Why one-click unsubscribe can destroy your email list

One-click unsubscribe is the consumer advocate’s heaven. One click and a consumer can no longer be bothered by pesky marketers. In an ideal world with no complications, no technological challenges, and no obfuscations, I’d agree. But this is not an ideal world to live in or to market to, and one-click unsubscribe can absolutely destroy your email list, especially if you’re doing email to anyone on a corporate network.

Here’s why:

Email security

This is the product description of a corporate email security appliance that goes in the server room of a major corporation. I’m not criticizing the product (hence why I’ve removed its name) because it’s doing its job flawlessly, intercepting emails and scanning them for malware, links to hijacks, etc. as well as scanning outgoing messages to prevent employees from leaking sensitive information.

Think about that for a second. This security appliance is correctly opening, scanning, and following every link in every email it receives to destroy emails that lead to hijacked websites or to stop employees from leaking info. That means that if your email contains a one-click, no-questions-asked unsubscribe, the first time you send that email to your opted-in subscriber, their firewall opens your email and automatically unsubscribes them by clicking on every link in it.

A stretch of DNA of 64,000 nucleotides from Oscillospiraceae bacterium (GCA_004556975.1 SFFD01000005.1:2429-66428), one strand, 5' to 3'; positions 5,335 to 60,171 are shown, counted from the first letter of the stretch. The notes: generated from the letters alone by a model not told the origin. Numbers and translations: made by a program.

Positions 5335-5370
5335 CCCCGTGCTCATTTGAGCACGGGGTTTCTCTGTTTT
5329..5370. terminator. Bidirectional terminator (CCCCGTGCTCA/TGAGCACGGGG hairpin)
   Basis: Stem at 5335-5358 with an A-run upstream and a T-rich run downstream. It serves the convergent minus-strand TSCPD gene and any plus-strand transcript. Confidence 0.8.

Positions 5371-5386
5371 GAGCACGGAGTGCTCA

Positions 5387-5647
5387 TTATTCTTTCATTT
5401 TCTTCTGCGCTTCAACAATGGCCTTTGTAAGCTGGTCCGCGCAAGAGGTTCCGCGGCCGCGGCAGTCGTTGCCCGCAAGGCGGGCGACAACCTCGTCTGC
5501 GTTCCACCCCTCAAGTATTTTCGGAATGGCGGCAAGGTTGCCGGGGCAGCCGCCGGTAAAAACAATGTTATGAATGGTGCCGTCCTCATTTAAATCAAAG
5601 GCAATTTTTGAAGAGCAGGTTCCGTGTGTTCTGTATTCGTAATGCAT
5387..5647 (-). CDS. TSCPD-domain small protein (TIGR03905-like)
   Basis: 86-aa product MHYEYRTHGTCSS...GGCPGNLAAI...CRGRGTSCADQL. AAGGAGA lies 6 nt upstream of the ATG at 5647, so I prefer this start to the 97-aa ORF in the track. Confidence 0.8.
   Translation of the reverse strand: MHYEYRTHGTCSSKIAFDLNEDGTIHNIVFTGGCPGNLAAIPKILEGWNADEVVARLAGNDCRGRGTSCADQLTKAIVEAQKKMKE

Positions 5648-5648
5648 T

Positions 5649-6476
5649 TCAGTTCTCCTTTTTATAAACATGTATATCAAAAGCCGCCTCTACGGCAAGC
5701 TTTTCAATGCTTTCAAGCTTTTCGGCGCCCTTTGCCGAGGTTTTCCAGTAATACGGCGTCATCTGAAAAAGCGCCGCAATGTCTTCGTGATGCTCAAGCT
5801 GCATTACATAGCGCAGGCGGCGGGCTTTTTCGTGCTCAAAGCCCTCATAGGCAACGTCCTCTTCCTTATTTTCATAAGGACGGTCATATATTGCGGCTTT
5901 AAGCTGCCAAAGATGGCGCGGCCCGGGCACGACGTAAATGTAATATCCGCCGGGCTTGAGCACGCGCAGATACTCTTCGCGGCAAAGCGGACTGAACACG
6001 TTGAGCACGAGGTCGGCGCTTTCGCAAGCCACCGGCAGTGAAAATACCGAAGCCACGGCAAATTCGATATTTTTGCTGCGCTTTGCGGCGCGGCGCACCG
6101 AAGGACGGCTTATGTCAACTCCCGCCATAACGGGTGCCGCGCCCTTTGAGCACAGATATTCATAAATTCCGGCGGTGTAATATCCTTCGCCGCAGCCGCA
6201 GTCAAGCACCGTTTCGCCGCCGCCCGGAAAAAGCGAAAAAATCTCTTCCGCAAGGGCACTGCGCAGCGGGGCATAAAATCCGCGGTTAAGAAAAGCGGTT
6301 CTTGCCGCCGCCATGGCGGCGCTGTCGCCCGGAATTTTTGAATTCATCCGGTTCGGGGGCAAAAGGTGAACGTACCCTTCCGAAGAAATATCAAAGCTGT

Imagine this: a subscriber to your email newsletter with a one-click unsubscribe forwards the newsletter to a friend at a corporation. The firewall intercepts it and opens it. Now, not only will the friend not ever be able to stay subscribed, but the person that forwarded it has also been unsubscribed! You’ve now lost two subscribers for the price of one.

This is why you should never use one-click unsubscribe if it’s offered as a “feature” by your email marketing or marketing automation provider. Your unsubscribe link should go to a subscriber preferences page where they can unsubscribe there with one click instead.

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  • It’s easy to implement a one click unsubscribe which will fool just about all link scanners.
    The following will not be followed by all scanners.
    HTTP headers – it’s fairly easy to detect link scanners and redirect accordingly
    Javascript – detecting the mouse pointer position or other browser attributes.
    Meta refresh tags – to redirect to a different unsubscribe url.

    Use a combination with a graceful fallback of a hyperlink to the actual unsubscribe page in each situation, 99% of real users will have javascript enabled.

mautic is open source marketing automation